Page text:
Amazingly the infection itself may not have been what killed the animal, at least not directly. It probably died of complications brought on by malnutrition, since it would not have been able to walk quickly or far enough to find adequate food. The front half of the animal is missing, so there is the possibility that the animal was caught by a predator. However, most of the meat-bearing parts of the body would have been around the hind quarters, and there is no indication of predator-induced damage to the bones in this area (such as teeth marks). If this animal managed to live for several years without being able to run, and was not even scavenged when it finally died, then this may suggest how few predators were about in the polar forests, and perhaps a reason why the smaller and more defenceless hypsilophodontids prefered colder conditions. Certainly the number of juvenile hypsilophodontid bones from south eastern Australia indicates that the animals were capable of breeding there, so perhaps the lack of predators made this area such an attractive place to raise young - or to avoid being eaten.
During the Early Cretaceous southeastern Australia was within the Antarctic circle. The average annual temperature was probably somewhere between -6° and 3° celsius (21-37 fahrenheit). The winters were almost certainly frozen, with up to three months of darkness punctuated only by a moon that would have been visible for up to two weeks at a time. It has been suggested that hypsilophodontids may have been pre-adapted to living in colder climates. Studies of the way in which their bones grow have shown that they remained active all year round, whereas most other types of dinosaur show signs of seasonal stress that affected the way their bones grew (possibly due to being less active during winter months). One of the Dinosaur Cove hypsilophodonts (the eternally cute Leaellynasaura) has had a natural cast of the original brain preserved. As well as having large eye sockets, this individual also had enlarged optic lobes, the parts of the brain that process vision. Improved vision may indicate that these animals remained active during the long dark winters, whereas other species of dinosaur may have migrated or hibernated, or at least become less active than at warmer times of the year.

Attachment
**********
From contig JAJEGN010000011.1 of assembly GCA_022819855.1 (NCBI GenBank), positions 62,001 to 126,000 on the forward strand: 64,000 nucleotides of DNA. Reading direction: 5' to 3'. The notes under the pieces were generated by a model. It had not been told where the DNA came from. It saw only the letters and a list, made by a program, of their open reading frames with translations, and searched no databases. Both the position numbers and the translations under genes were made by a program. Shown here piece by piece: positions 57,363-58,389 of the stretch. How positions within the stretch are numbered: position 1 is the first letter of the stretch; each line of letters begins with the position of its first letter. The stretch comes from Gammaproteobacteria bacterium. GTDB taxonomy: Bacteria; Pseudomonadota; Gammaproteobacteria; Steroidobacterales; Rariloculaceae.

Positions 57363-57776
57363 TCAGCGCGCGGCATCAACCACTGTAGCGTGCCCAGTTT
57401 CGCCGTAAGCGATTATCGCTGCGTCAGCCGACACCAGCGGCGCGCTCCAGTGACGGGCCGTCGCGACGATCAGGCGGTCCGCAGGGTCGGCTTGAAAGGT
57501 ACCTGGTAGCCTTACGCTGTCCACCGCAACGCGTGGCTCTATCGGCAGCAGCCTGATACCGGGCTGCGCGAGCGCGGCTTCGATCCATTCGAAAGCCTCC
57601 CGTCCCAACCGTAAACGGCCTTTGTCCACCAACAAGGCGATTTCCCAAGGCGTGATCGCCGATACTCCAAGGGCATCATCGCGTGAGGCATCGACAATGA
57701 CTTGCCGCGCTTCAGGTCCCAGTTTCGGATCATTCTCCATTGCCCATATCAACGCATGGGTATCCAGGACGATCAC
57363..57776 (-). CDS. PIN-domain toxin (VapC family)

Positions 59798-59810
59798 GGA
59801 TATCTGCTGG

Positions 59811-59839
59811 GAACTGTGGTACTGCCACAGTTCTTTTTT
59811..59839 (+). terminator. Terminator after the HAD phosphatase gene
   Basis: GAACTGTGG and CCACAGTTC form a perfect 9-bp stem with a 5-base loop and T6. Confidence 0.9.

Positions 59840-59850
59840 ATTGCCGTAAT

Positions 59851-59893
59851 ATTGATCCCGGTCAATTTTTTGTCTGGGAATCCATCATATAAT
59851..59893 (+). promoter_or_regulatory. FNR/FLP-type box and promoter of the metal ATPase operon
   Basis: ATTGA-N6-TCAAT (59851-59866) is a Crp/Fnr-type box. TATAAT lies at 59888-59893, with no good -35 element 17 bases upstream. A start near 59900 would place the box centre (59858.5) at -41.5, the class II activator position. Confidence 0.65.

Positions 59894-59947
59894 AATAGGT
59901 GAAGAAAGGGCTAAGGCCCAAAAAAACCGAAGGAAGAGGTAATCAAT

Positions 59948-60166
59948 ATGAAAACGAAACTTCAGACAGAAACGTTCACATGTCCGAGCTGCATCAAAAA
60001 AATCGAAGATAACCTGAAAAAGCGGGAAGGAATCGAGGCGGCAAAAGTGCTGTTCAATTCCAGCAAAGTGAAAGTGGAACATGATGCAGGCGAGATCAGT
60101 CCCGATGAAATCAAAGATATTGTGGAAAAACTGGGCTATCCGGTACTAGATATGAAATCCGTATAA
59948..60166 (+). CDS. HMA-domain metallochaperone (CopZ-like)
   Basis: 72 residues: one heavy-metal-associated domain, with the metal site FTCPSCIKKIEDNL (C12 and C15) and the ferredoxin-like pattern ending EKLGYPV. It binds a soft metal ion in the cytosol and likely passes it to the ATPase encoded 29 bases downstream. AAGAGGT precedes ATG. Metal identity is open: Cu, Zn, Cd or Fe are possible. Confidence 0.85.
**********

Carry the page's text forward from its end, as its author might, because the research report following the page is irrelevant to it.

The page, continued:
The number of juvenile and diseased hypsilophodontid specimens from the southern Victorian sites may indicate that these deposits were layed down by spring melt waters, washing any creatures that did not survive the winter (such as the very young or the sick) into river deposits and covering them quickly. There are few large dinosaurs represented in these fossil layers. These deposits were layed down by river and stream channels, which would have been moving fast enough to collect and redeposit small bones, but probably not of enough force to do the same for extremely large dinosaur bones. Large dinosaurs are only known from these deposits by the smallest bones in their bodies, and even these are rare when compared to the small herbivore remains.
Chinsamy, A., T.H.Rich & P.Vickers-Rich 1998 Polar dinosaur bone histology. Journal of Vertebrate Paleotology18:385
Gross, J.D., T.H.Rich and P.Vickers-Rich 1993 Dinosaur bone infection. National Geographic Research and Exploration 9:286-293.
Rich, T.H. and P.V.Rich 1988. A juvenile dinosaur brain from Australia. National Geographic Research. 4(2):148.
Rich, T.H. and P.V.Rich 1989 Polar dinosaurs and biotas of the Early Cretaceous of southeastern Australia. National Geographic Research 5:15-53.
Rich, P.V. and T.H.Rich 1999 Wildlife of Gondwana. The 500-million year history of vertebrate animals from the ancient southern supercontinent. Second Edition. Reed books, Sydney.
Rich, T.H. & P.Vickers-Rich 1999 The Hypsilophodontidae from Southeastern Australia In Y.Tomada, T.H.Rich and P.Vickers-Rich (Eds) Proceedings of the Second Gondwana Dinosaur Symposium. National Science Museum Monographs, No.15. Tokyo. pp.167-180
Rich,T.H., P.Vickers-Rich & R.A.Gangloff 2002 Polar Dinosaurs. Science 295:979-980
Vickers-Rich, P., T.H.Rich 2000 Dinosaurs of Darkness. Indiana University Press